Secrecy costs rise, study says

Report on Secrecy in the Bush Administration

A study on secrecy in the Bush administration found that growth in secrecy since 2001 caused federal government and private industry officials to spend $6.5 billion on classifying government information in fiscal 2003. That amount represents a $1.8 billion, or 38 percent, increase, compared to the amount spent on classification in fiscal 2001.

The classification expenses were for maintaining secure information systems, controlling physical access to buildings, training employees and providing background checks for government and contractor employees.

The costs are cited in a recent study conducted by the House Government Reform Committee's Minority Staff Special Investigations Division at the request of Rep. Henry Waxman (D-Calif.), ranking minority member.

The 81-page report, released Sept. 14, quotes experts who said the government's policies on Freedom of Information Act requests have changed under the Bush administration.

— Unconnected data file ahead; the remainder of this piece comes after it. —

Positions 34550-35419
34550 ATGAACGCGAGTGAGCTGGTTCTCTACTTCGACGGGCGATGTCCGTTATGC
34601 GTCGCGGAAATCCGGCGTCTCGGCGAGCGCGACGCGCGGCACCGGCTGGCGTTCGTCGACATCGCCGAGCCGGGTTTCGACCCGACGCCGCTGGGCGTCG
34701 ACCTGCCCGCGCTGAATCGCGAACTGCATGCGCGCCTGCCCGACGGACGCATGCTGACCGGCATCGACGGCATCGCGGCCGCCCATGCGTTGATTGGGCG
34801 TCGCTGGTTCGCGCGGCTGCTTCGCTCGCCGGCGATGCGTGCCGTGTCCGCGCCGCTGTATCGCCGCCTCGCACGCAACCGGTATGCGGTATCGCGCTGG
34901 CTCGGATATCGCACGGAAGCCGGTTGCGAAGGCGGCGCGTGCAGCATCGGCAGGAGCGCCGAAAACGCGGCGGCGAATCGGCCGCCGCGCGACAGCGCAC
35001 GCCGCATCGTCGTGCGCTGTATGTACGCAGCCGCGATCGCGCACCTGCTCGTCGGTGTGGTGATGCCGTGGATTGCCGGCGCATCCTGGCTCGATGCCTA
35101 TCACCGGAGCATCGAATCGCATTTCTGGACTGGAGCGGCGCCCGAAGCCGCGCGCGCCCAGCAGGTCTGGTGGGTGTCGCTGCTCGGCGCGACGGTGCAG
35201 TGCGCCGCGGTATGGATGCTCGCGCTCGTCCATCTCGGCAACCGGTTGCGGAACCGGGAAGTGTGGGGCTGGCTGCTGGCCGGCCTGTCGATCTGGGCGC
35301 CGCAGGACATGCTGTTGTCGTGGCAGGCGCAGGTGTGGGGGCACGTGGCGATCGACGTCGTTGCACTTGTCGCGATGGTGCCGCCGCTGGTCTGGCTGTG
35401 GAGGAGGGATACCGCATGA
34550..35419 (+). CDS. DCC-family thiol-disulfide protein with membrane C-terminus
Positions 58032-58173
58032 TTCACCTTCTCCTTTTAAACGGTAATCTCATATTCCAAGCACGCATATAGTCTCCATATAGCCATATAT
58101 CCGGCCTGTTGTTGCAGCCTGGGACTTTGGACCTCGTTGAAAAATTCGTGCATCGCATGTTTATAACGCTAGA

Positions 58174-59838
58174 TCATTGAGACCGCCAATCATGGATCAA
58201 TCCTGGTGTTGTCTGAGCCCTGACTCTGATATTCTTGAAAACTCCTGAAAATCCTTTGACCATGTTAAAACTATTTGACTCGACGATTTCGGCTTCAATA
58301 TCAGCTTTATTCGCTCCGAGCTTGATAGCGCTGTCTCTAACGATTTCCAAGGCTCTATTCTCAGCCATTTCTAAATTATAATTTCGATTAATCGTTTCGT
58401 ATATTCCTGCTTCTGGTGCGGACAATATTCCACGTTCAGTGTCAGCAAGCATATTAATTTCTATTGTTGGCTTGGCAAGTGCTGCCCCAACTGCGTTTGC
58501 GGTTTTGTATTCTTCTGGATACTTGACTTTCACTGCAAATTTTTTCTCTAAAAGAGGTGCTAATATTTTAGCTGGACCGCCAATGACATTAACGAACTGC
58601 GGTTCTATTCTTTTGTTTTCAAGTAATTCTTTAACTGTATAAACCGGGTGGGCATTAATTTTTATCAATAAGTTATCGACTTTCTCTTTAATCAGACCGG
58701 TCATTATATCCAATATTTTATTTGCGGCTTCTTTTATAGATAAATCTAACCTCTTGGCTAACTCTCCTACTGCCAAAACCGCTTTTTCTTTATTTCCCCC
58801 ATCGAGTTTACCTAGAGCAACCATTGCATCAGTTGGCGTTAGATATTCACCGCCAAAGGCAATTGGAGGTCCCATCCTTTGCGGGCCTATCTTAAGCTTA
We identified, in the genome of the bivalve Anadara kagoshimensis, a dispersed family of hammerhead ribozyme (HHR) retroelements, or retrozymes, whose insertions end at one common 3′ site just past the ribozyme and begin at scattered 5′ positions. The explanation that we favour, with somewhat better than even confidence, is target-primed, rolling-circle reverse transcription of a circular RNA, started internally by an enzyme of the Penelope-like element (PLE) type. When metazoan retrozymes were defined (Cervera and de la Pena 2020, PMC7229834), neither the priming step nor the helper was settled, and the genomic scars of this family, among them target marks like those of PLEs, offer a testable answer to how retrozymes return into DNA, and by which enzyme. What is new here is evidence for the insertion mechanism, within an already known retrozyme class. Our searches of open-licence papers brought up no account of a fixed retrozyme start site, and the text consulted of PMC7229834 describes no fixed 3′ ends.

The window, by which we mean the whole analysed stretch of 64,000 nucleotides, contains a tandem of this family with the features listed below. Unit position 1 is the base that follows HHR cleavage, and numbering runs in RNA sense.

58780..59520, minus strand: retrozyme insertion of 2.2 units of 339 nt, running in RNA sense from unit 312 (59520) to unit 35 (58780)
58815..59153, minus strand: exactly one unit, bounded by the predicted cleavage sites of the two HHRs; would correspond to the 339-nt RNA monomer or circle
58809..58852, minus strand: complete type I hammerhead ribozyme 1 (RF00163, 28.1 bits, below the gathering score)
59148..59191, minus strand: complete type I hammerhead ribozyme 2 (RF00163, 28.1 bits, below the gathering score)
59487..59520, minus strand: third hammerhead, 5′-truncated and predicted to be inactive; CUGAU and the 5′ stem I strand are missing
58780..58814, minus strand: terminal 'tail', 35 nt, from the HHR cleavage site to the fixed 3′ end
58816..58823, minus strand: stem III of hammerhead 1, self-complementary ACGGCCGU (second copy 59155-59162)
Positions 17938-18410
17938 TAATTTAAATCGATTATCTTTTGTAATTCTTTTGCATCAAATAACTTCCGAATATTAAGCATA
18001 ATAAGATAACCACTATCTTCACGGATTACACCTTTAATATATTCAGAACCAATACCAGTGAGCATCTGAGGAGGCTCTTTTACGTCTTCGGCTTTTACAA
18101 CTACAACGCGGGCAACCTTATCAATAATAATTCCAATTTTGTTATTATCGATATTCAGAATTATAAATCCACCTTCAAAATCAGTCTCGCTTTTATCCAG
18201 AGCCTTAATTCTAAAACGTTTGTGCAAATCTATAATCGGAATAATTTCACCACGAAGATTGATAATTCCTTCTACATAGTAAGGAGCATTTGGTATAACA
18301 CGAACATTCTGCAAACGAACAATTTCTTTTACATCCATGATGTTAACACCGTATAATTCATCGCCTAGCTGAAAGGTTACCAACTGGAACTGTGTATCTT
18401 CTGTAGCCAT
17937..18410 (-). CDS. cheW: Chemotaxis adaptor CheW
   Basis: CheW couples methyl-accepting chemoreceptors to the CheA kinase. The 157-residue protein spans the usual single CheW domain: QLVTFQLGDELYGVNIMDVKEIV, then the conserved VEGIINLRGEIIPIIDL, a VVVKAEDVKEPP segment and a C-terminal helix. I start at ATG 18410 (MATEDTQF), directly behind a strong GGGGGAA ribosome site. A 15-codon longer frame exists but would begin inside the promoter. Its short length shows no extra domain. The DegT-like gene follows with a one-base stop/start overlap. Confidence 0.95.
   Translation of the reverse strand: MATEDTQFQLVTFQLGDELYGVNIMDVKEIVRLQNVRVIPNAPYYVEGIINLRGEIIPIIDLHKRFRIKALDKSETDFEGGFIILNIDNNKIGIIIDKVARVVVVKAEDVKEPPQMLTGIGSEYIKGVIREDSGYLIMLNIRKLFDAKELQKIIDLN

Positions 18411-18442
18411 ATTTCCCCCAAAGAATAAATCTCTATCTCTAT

One of those experts, Meredith Fuchs, general counsel for the National Security Archive at George Washington University, said in the report: "The Bush administration started on a bad foot when Attorney General Ashcroft introduced a policy that discouraged government agencies from releasing records under FOIA, even when they have the discretion to release. It got worse when they elevated privacy, corporate and other interests above any public interest in information."

The report concludes that administration policies have undermined public access to government information.

Featured

  • Defense
    Ryan D. McCarthy being sworn in as Army Secretary Oct. 10, 2019. (Photo credit: Sgt. Dana Clarke/U.S. Army)

    Army wants to spend nearly $1B on cloud, data by 2025

    Army Secretary Ryan McCarthy said lack of funding or a potential delay in the JEDI cloud bid "strikes to the heart of our concern."

  • Congress
    Rep. Jim Langevin (D-R.I.) at the Hack the Capitol conference Sept. 20, 2018

    Jim Langevin's view from the Hill

    As chairman of of the Intelligence and Emerging Threats and Capabilities subcommittee of the House Armed Services Committe and a member of the House Homeland Security Committee, Rhode Island Democrat Jim Langevin is one of the most influential voices on cybersecurity in Congress.

Stay Connected

FCW INSIDER

Sign up for our newsletter.

I agree to this site's Privacy Policy.